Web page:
I've brought a copy but haven't had time to play around with it yet. However, from what I read at the web site, and seen in their "training" videos, it appears to comparable to much more expensive, "pro-grade" software.

Questions:
Does it need the internet to work?
Do they bug you every year to upgrade to the newest version?
Do you need to create an account and sign in?

up1950s

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Re: Suggestions for 3D software
« Reply #3 on: November 14, 2021, 07:55:54 PM »
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How about software that can accept a photo to scan . We highlight 10 % width and 10 % height within an area as close to perpendicular with the camera angle. The software renders a drawing of the image which can be flexed like the Shapeways 3D thingy . We then can copy and resize and save for model making measurements , etc .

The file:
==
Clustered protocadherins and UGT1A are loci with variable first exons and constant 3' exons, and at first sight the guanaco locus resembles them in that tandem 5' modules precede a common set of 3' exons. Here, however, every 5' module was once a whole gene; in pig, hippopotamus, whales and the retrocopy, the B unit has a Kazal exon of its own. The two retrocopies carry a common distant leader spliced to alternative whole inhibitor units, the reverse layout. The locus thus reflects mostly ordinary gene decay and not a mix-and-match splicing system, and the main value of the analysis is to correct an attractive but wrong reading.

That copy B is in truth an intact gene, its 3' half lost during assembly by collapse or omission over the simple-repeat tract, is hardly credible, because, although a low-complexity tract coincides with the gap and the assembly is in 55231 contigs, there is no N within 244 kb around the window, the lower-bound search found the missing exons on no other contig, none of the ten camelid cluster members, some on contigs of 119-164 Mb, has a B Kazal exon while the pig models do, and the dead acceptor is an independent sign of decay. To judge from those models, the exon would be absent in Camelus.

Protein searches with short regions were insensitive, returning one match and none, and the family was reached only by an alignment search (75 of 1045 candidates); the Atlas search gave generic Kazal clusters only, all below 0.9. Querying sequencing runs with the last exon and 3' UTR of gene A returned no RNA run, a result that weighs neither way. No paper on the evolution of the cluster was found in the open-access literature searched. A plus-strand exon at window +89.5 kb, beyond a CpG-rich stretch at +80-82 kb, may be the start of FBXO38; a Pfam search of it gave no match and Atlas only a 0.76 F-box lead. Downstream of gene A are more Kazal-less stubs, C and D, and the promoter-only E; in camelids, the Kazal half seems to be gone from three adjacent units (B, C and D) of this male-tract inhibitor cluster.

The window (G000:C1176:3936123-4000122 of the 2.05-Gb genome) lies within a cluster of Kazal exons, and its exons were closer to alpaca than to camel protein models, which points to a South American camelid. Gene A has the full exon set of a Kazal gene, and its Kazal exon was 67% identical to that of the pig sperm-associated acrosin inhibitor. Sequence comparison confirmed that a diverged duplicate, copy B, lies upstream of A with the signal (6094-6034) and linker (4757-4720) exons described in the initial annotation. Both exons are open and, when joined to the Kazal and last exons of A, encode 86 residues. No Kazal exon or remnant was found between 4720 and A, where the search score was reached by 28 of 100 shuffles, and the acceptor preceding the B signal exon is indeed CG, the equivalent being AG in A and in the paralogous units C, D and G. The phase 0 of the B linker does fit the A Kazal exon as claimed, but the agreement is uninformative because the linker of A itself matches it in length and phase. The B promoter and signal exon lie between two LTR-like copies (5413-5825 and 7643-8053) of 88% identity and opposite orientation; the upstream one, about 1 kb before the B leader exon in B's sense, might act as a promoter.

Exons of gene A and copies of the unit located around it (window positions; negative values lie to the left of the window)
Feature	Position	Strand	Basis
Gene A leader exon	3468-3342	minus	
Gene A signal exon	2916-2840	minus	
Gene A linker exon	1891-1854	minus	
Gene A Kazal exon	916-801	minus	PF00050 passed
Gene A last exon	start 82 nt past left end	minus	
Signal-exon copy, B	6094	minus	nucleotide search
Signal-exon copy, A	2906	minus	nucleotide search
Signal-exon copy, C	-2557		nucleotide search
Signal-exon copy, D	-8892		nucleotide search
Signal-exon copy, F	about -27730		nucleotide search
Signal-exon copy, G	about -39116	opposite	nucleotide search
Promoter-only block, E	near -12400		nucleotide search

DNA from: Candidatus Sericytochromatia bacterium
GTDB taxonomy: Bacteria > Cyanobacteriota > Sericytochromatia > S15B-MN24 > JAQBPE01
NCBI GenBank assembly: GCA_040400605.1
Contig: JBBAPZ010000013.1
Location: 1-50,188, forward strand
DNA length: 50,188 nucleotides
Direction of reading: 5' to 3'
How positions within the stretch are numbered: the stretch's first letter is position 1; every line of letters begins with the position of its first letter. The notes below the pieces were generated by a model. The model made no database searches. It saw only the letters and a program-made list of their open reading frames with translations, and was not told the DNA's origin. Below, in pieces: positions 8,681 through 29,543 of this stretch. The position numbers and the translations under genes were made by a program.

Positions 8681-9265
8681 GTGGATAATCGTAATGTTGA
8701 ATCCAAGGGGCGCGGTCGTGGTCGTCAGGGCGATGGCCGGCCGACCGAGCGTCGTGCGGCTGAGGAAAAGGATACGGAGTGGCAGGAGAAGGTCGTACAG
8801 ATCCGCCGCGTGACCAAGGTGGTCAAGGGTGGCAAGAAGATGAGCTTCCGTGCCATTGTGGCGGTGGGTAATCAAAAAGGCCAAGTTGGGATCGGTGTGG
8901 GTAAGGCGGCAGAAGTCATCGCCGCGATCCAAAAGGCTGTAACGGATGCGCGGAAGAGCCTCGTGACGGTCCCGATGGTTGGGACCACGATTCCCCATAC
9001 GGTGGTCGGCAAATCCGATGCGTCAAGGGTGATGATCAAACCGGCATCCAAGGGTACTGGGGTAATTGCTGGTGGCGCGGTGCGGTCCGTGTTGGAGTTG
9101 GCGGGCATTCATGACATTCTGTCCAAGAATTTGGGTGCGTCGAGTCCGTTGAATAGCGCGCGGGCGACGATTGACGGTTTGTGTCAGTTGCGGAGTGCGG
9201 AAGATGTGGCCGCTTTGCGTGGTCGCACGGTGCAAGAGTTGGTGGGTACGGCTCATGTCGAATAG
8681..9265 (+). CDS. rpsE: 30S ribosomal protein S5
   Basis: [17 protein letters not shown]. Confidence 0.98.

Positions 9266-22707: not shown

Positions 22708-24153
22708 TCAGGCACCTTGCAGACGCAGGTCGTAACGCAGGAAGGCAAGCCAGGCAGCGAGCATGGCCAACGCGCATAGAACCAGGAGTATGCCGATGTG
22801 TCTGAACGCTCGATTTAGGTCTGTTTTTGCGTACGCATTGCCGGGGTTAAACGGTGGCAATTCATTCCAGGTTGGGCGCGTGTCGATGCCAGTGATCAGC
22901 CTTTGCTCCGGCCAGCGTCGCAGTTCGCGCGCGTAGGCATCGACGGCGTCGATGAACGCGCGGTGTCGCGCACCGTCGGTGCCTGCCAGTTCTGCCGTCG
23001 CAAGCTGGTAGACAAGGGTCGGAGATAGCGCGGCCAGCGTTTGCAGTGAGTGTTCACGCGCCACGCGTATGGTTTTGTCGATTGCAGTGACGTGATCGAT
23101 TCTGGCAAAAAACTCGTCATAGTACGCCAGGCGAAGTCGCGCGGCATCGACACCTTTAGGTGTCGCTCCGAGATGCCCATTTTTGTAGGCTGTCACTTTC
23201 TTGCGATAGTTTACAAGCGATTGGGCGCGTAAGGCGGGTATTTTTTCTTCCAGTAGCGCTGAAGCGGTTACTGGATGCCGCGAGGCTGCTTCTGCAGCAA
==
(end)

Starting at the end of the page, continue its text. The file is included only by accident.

IronPenguin

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Re: Suggestions for 3D software
« Reply #4 on: November 14, 2021, 08:23:59 PM »
+1
Are you talking about software to create files for printing with 3d printers?
Tinkercad is probably the easiest (and free) program to learn and is powerful enough to do most things.
Mike Tennent
IronPenguin Electronics
https://tennentm.wixsite.com/ironpenguin

wcfn100

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Re: Suggestions for 3D software
« Reply #5 on: November 14, 2021, 08:35:11 PM »
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Fusion 360 is the best free software I've used but they keep changing subscription so I'm unsure how strongly to recommend it.

I always look for good rail and loft functions and prefer parametric modelers that will do assemblies.


Jason

peteski

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Re: Suggestions for 3D software
« Reply #6 on: November 14, 2021, 08:38:40 PM »